Skip to comments.Moral Theory - The Machinery of Natural Rights
Posted on 10/28/2006 8:23:38 AM PDT by Jibaholic
This is an essential book for anyone who wishes to defend a political philosophy based upon the doctrine of natural rights. I frequently debate politics, abortion, the morality of war, and other ethical positions. Many of my "sparring partners" employ thought experiments to refute rights-based ethics. A common example is Ellen Goodman's thought experiment in which an IVF clinic is on fire. You can save either a a test tube with an embryo, or a small child. Who do you choose?
Moral Theory by David Oderberg is the perfect rebuttal. Study the mechanics of natural rights ethics, particularly the Acts/Omission distinction and the Principle of Double Effect. The Principle of Double Effect is particularly important. It resolves conflicts of rights while still upholding the moral worth, dignity, and rights-bearing status of the "losing" side. Utilitarianism cannot do this. Even though it starts from the premise that everyone's interests get equal consideration, the hard fact remains that a leading cancer researcher had a greater ability to benefit the interests of society than a homeless man.
Natural rights ethics avoid this problem because it takes into account more than your ability to benefit the rest of society. Natural rights ethics lead to the principle that "the ends do not justify means." Natural rights ethics also factor in the importance of intention - actions that are taken with selfish intent are not considered to be morally good even if the outcome is good. For example, giving money to charity to impress people is not a morally good act (it is not necessarily bad either - it may be indifferent).
The Principle of Double Effect is how these concepts are put into practice. It consists of four separate tests, each of which must be passed for an action to be morally good. I found the intended/forseen disctintion was the hardest to understand. Here is one tip to help appreciate the distinction: imagine a hypothetical scenario in which you could have the good effect (rescuing the small child) without the bad effect (letting the embryos burn). Would you do it? If you can *honestly* answer yes, then you pass the intended/foreseen check for the Principle of Double Effect.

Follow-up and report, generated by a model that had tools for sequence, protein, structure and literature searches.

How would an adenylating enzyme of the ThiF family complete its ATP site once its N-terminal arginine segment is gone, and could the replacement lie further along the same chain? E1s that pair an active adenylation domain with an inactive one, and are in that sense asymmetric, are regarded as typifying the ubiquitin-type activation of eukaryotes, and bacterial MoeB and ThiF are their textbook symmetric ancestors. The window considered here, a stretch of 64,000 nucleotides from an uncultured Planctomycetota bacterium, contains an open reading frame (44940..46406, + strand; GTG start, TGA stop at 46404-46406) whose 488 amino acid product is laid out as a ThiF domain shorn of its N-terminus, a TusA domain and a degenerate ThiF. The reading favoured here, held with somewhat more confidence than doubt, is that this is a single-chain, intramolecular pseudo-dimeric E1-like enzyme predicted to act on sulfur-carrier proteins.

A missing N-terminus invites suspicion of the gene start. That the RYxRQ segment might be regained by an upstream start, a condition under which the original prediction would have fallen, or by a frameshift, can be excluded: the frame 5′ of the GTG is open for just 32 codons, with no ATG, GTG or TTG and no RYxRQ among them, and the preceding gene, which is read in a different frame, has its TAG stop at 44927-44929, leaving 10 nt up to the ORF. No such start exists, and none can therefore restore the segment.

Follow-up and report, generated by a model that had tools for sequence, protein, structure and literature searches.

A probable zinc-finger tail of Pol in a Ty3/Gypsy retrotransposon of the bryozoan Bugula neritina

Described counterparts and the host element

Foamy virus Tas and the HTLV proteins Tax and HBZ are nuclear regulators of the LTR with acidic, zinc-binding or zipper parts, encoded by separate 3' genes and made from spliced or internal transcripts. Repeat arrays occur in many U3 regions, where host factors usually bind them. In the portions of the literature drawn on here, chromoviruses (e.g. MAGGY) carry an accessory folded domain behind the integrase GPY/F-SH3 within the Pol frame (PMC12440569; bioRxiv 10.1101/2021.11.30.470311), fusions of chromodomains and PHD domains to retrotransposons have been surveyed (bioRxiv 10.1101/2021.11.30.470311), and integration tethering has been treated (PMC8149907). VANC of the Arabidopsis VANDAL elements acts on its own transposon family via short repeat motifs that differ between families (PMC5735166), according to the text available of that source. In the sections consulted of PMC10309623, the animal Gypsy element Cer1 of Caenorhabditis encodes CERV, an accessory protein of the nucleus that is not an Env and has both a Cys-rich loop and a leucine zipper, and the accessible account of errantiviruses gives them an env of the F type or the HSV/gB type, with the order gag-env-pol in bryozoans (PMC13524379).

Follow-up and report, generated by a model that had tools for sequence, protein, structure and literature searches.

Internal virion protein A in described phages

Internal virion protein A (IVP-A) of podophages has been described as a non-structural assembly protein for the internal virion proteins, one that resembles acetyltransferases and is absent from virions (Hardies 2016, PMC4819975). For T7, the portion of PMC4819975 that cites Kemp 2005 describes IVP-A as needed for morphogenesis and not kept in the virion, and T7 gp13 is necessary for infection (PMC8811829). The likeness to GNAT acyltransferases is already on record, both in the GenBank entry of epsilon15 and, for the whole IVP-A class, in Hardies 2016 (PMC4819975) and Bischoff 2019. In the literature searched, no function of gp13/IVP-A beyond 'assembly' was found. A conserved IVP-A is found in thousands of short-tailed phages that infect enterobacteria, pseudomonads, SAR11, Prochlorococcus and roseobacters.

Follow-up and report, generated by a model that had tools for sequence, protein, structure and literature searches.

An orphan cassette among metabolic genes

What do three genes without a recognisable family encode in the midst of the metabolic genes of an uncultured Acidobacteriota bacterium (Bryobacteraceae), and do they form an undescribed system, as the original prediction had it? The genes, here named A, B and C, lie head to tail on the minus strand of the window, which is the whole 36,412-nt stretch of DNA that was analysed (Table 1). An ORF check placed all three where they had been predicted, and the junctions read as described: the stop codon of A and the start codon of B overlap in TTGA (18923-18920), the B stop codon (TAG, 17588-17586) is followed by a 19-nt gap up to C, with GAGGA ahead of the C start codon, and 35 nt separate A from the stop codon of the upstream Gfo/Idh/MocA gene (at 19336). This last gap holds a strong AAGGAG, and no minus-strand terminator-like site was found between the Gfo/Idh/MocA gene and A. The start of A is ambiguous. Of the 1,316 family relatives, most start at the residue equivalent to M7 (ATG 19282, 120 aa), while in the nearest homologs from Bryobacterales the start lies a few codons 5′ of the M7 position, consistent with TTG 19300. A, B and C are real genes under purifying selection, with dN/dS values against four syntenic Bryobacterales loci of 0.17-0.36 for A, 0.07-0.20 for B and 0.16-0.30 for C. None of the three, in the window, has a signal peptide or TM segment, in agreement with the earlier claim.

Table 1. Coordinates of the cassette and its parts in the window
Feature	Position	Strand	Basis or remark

I have been using abortion as a running example, but conservatives also have to abandon some positions to consistently apply natural rights to politics. This is particularly true on natural security issues such as torture and domestic spying when there is no immanent threat ("they might be up to something" is not sufficient), as well as warring against a nation outside the principles of a Just War.
There are many other books that I would recommend to interested readers. An Introduction to Logic by Harry Gensler is the most accessible introduction to logic that I've seen, and the Logicola software makes it doable to learn for self-study. But the best part is that it applies logical principles to ethics, and concludes with an a priori proof of the Golden Rule. Gensler's book is to the Golden Rule as Moral Theory is to natural rights. Philosophical Foundations for a Christian Worldview by JP Moreland is the best introduction to philosophy that I've seen. Finally, Oderberg's other book Applied Ethics, applies natural rights principles to various issues such as abortion and Just War, and refutes both common and cryptic arguments from the other side.
I have been trying to find a proof to my suspicion that the most pernicious aspect of the progressive world view is their rampant disregard (from ignorance) of the art or science of formal logic. There was news blurb on So Fla TV how a study found that males who use their cell phone in excess of 4 hours a day suffer from a reduced fertility rate. Although trivial and bordering on the comic this sort of news headline is typical of the pseudo-rational of mind set of the progressive community. Obviously there is a statistic: low fertility, mapped to the use of high cell phone use. I can accept it as dogma/truth because I heard it on the local news; or, more likely the study is logically flawed by some variation of putting the cart before the horse. Thereby, postulating a moral axiom that is gratifying to the progressive network viewer: Cellphones Bad. Using male sterility to press the point zings that most hated group: males; without ruffling feathers of any progressive interest group.
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